June 10, 2015 | The Wall Street Journal | Amy Harder
First it was cars. Then power plants. Now, President Obama is turning his attention to cutting carbon dioxide emissions from commercial transportation.
As The Wall Street Journal reports, the Environmental Protection Agency will soon release new rules targeting emissions from big trucks (like 18-wheelers) and airplanes. The idea is to have something concrete to show at the United Nations climate summit in Paris in December and to make sure there is time for the new rules to unfold during the current administration.
According to The New York Times,
American aircraft are responsible for about 11 percent of greenhouse gas emissions in the United States’ transportation sector, 3 percent of total American greenhouse gas emissions and about 29 percent of all aircraft greenhouse gas emissions worldwide, according to E.P.A. data.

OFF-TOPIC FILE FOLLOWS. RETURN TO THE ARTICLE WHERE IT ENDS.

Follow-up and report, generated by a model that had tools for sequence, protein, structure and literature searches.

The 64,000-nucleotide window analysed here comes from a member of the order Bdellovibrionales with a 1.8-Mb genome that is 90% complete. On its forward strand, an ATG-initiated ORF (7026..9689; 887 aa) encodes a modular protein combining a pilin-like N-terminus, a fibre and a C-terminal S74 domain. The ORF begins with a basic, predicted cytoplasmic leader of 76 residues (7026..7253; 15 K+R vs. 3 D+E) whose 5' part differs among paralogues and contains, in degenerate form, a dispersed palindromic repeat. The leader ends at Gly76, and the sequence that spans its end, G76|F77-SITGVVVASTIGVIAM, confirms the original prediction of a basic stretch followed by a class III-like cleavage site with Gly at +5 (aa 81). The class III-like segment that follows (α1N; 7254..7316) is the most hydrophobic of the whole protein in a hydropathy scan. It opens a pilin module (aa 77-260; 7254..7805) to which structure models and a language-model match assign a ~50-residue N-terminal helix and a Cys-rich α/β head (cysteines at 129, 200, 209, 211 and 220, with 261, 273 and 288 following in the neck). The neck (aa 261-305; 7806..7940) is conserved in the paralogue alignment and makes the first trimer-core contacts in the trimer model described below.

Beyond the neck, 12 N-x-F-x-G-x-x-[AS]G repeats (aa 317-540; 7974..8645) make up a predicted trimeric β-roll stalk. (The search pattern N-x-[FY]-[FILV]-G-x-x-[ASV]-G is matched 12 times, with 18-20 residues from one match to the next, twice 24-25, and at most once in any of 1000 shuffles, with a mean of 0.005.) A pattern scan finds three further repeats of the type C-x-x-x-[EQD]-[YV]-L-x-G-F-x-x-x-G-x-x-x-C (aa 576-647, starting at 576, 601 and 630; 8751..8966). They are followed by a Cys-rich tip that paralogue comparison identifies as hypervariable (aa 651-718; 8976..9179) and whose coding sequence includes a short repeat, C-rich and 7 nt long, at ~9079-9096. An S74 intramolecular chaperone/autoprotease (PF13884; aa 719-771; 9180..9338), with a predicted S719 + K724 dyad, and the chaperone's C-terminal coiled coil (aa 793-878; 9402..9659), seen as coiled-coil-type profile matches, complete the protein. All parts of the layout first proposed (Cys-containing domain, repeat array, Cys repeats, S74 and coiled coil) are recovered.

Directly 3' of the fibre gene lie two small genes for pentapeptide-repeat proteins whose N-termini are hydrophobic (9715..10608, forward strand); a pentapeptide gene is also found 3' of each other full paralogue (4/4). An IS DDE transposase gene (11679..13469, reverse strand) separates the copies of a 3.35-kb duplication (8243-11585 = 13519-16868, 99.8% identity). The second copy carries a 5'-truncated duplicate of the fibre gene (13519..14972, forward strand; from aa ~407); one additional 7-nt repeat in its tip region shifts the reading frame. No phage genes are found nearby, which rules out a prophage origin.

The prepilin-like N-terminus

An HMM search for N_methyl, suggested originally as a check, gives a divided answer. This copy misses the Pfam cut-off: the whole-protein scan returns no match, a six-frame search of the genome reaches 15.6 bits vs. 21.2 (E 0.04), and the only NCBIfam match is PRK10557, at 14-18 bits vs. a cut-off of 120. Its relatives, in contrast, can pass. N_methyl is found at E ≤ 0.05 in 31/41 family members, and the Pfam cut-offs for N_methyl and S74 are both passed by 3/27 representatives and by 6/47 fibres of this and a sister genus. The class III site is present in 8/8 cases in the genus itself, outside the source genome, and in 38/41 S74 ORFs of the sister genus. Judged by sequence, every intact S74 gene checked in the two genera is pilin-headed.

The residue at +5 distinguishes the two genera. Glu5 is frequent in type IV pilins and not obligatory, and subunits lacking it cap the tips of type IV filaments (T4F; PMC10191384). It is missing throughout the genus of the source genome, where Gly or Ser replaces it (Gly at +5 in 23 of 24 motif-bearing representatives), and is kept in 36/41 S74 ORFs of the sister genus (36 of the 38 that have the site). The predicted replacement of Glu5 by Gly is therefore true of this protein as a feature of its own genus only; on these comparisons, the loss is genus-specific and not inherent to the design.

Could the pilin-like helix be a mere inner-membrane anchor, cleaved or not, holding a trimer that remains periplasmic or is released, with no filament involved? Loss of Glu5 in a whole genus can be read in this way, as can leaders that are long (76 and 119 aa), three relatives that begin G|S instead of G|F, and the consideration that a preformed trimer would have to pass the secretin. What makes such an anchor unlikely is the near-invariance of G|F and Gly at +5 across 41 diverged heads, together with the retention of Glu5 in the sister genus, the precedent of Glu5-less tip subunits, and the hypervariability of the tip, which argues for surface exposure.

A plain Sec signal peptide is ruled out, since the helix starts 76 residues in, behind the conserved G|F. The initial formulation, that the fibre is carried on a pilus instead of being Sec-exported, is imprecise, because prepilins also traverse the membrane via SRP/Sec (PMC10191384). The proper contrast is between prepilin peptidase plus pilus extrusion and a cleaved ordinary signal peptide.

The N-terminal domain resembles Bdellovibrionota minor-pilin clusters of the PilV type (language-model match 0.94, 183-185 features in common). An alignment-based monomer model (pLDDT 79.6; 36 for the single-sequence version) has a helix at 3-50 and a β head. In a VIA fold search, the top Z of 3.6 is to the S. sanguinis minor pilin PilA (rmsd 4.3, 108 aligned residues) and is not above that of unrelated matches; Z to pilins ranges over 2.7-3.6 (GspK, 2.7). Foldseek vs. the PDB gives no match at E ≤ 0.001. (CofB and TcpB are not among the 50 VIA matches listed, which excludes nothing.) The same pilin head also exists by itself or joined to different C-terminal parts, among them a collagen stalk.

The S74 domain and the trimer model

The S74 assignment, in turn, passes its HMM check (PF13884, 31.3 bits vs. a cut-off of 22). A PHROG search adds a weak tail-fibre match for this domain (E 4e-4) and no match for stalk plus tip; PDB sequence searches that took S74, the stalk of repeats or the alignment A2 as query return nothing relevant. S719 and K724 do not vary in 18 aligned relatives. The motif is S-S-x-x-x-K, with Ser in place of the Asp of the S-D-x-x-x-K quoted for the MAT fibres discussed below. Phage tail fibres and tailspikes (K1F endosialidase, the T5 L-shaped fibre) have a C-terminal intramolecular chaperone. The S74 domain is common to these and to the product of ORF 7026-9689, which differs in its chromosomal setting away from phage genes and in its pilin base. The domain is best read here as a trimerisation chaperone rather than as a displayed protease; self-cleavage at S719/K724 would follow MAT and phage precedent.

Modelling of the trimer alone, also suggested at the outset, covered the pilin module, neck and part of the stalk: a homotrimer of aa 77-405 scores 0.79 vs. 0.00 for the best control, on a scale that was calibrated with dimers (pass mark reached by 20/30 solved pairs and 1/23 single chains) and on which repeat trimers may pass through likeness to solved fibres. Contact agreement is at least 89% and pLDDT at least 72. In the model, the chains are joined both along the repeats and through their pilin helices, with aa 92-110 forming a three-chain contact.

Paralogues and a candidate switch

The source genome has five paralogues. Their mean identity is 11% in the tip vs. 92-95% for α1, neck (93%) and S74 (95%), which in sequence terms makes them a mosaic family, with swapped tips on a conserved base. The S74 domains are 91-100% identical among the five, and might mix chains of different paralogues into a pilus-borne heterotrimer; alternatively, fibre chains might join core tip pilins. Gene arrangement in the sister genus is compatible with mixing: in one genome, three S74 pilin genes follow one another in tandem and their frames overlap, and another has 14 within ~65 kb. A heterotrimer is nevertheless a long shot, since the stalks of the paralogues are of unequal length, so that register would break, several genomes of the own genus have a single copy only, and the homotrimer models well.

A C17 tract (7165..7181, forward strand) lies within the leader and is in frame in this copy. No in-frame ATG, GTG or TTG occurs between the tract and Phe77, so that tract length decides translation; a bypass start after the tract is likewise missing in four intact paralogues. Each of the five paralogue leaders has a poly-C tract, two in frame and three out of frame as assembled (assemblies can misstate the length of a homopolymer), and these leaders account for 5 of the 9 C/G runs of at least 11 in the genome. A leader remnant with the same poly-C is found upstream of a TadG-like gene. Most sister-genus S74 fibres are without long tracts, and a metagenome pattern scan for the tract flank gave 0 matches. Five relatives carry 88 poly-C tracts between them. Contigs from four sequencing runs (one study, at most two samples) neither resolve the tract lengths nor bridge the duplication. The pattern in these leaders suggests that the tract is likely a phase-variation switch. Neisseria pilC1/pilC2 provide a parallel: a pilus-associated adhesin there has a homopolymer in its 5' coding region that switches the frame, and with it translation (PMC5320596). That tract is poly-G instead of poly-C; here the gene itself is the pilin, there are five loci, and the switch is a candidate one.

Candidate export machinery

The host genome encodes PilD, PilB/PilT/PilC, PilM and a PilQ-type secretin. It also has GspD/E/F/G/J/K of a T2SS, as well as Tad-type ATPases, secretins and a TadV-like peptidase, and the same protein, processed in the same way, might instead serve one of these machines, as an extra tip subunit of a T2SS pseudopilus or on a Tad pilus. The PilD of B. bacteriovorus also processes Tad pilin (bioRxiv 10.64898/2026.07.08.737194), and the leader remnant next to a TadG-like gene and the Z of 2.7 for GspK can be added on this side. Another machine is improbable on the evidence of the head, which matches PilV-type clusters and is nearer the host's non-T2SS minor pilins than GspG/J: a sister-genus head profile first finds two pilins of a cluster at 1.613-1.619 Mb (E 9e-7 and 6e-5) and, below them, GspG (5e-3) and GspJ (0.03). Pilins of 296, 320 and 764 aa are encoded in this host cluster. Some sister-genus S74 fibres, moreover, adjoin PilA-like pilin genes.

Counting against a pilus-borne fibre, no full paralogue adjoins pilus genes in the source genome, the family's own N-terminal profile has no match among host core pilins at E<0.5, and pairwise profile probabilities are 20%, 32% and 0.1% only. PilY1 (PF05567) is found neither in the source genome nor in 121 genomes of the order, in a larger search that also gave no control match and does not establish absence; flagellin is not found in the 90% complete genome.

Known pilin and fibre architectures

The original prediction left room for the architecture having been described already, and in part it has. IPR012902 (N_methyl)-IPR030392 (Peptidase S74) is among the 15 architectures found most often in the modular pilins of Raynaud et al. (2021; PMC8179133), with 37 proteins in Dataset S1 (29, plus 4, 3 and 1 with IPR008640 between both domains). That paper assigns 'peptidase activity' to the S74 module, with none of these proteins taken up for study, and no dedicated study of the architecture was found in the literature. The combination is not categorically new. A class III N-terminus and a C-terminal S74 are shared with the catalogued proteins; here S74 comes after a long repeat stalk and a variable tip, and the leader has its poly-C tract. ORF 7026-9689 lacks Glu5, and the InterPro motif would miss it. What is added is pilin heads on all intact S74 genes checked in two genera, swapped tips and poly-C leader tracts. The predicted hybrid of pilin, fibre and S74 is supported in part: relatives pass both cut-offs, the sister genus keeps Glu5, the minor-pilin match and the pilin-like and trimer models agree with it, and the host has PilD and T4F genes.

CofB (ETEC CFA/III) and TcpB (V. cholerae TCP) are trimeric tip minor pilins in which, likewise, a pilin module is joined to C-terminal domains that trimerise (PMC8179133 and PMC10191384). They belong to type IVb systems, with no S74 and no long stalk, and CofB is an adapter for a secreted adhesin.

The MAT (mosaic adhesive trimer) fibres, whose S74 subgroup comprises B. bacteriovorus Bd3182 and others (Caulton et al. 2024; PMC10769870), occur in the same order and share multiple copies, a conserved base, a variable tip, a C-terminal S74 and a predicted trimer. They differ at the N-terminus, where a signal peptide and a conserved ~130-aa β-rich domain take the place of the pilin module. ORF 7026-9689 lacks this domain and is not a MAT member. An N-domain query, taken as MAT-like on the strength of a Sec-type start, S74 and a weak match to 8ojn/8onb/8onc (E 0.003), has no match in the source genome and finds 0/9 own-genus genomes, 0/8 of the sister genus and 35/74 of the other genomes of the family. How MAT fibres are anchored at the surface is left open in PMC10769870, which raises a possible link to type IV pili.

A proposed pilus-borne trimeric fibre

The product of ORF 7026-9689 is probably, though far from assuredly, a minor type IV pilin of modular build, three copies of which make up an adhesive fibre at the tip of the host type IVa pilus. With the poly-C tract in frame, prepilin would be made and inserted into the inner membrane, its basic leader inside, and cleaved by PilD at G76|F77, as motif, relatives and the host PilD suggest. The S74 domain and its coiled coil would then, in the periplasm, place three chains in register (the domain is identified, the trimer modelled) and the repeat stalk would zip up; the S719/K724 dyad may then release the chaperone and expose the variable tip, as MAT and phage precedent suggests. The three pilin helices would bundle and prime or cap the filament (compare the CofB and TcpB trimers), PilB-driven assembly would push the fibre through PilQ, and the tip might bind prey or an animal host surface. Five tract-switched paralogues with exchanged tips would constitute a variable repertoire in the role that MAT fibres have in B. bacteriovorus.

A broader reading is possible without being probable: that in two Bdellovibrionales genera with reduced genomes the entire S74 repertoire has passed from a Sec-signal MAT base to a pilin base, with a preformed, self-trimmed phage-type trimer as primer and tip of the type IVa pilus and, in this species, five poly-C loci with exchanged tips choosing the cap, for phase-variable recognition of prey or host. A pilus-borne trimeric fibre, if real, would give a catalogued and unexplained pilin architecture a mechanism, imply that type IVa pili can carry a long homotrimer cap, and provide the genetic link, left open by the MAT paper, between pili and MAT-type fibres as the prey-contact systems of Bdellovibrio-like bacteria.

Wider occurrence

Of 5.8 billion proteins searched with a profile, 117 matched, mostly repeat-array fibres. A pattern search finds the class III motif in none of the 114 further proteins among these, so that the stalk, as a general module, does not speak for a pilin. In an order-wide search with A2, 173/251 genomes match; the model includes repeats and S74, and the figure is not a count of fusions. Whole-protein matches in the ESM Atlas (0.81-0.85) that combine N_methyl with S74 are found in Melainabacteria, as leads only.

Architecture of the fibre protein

Trucks are also big fuel-consumers, as The Times reports.
The truck proposals could cut millions of tons of carbon dioxide pollution while saving millions of barrels of oil. Trucks now account for a quarter of all greenhouse gas emissions from vehicles in the United States, even though they make up only 4 percent of traffic, the E.P.A. says.
EPA is also crafting rules that will target refrigerants and reduce methane leaks from oil and gas extraction.
As David Doniger, director of the climate program at the Natural Resources Defense Council, told Bloomberg: “It’s the summer of climate action.”